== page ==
Joseph O’Leary has recently raised a number of important questions and valid critiques in response to the release of the Ryan Report on the clergy abuse scandal in Ireland, and in particular, the way it’s findings have been reported by the mainstream corporate media. He writes, for instance, that:
Increasingly I am feeling that we have witnessed one of the most disgraceful weeks in the annals of Irish journalism. No journalist seems to have studied the Ryan report in depth. Lazy repetition of the most lurid details and lots of soapbox oratory replaced the journalists’ duty to provide critical perspective.
The report focuses primarily on a small number of Industrial and Reformatory schools, maintained by the Irish State because they were cheaper than what Britain in the same period had got around to providing for children (brothers and nuns providing cheap personnel). 161 other schools and institutions were also examined, and of these schools the report has limited criticisms to make. The vast majority of Irish schools lie outside the bounds of the report.
To read more, click here.
Over at Perspective, Crystal highlights an important and insightful 2006 National Catholic Reporter article by Raymond A. Schroth on “Why Bonhoeffer Was Wrong.”
As Crystal notes:
[Many in the] conservative blogosphere [view Dietrich Bonhoeffer] as a heroic representation of the ends justifying the means. Bonhoeffer collaborated in plans to assassinate Hitler, and conservatives want to see this as proof of the morality of murdering doctors who do abortions.
And Schroth writes:
In no way does the Sermon on the Mount make wiggle room for political assassination. . . . The argument against assassination is the basic Kantian principle that underlies the Geneva Conventions against torture: For us to kill Saddam Hussein or any world leader, particularly because the leader is the embodiment of his society, is a moral invitation to our enemies to do the same to us. Furthermore, assassinations almost always fail to achieve their purpose and they kill the innocent as well. The Israeli-targeted killings of Hamas leaders with rockets fired from helicopters kill everyone else in the car and bystanders as well. Our targeted bombings in Iraq aimed at Saddam and his generals missed Saddam and the generals and killed hundreds of civilians in the neighborhood. The July 10, 1944, plot, a bomb planted in a meeting room, missed Hitler and killed four others. In retaliation, Hitler purged and executed 5,000 opponents of his regime. Some were tortured to death.
Except in civil disobedience, where one protests an unjust law and takes public responsibility, whenever anyone with power - president or priest - starts to go above, outside or around the law and gives himself a license to kill, beware.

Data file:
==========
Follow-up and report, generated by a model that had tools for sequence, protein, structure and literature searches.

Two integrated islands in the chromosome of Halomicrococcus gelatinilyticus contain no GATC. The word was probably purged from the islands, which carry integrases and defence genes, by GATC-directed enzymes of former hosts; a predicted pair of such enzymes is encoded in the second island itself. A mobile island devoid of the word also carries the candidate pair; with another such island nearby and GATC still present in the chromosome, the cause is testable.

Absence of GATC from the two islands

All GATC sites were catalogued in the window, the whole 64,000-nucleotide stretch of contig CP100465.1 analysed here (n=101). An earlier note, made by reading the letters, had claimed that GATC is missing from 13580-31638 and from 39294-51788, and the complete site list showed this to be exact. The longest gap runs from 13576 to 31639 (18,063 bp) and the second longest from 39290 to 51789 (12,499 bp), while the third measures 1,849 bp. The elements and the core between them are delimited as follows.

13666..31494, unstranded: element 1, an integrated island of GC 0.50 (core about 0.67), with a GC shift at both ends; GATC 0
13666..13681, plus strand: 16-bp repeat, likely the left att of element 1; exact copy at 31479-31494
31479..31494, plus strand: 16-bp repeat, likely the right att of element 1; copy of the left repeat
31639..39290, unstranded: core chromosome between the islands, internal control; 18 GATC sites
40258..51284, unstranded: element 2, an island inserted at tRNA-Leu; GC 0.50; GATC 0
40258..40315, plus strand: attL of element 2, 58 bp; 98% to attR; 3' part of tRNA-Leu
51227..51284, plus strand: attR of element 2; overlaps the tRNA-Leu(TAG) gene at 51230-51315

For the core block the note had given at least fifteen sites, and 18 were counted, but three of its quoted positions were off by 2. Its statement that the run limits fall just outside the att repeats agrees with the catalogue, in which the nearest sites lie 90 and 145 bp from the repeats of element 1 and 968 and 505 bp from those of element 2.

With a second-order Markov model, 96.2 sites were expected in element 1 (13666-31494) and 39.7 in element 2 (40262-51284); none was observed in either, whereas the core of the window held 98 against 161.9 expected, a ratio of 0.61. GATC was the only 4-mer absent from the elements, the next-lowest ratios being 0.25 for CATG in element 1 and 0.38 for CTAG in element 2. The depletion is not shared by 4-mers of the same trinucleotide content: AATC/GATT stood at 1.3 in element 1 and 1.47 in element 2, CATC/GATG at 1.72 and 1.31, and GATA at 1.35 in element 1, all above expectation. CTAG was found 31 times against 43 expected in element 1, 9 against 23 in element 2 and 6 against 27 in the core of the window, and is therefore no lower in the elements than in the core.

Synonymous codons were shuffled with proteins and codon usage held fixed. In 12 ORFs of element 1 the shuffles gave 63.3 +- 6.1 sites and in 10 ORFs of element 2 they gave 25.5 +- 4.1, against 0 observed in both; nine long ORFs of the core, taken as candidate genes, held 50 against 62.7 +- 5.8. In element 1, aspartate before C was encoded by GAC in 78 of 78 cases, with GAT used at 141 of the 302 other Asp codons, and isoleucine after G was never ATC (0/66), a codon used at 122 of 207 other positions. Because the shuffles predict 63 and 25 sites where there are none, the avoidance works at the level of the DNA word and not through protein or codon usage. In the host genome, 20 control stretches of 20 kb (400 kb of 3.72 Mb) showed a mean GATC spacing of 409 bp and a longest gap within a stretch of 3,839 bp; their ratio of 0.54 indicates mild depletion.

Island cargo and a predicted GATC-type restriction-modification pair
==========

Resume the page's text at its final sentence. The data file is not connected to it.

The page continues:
Richard Gray has a fascinating article in the British newspaper, The Telegraph, in which he highlights the “growing evidence that species ranging from mice to primates are governed by moral codes of conduct in the same way as humans.” Writes Gray:
Until recently, humans were thought to be the only species to experience complex emotions and have a sense of morality.
But Prof Marc Bekoff, an ecologist at University of Colorado, Boulder, believes that morals are “hard-wired” into the brains of all mammals and provide the “social glue” that allow often aggressive and competitive animals to live together in groups.
He has compiled evidence from around the world that shows how different species of animals appear to have an innate sense of fairness, display empathy and help other animals that are in distress.
His conclusions will provide ammunition for animal welfare groups pushing to have animals treated more humanely, but some experts are sceptical about the extent to which animals can experience complex emotions and social responsibility.
To read more, click here.
And finally, Busted Halo has posted an interesting conversation with a Roman Catholic nun and her gay cousin.
Following is what the gay man, Paul Mages, says about coming out to his family – including his cousin Sr. Bernadette (Mary) Reis of the traditional Roman Catholic religious order, the Daughters of St. Paul.
I didn’t come out to anybody in the family until I met somebody that I thought at that time that I’d be with forever. Because I thought that would add some validity to being gay, and then they wouldn’t think it’s some sexual thing that you just try out and it’s casual and not serious, not meaningful.
So after I met my partner — I was only with him a few months — I thought that would be forever. So I told my parents. And surprisingly, they were very nonjudgmental. Because, you know, my parents aren’t maybe quite as extreme as far as their religious observance, as Mary’s family is; but they were still pretty traditional and there were things you did, things you didn’t do. You went to church every Sunday, no questions asked. So I was pleasantly surprised that they were kind and supportive and loving, you know, “We’ll always be here for you,” “We love you,” “Nothing’s changed.” And so I wanted to tell other people too.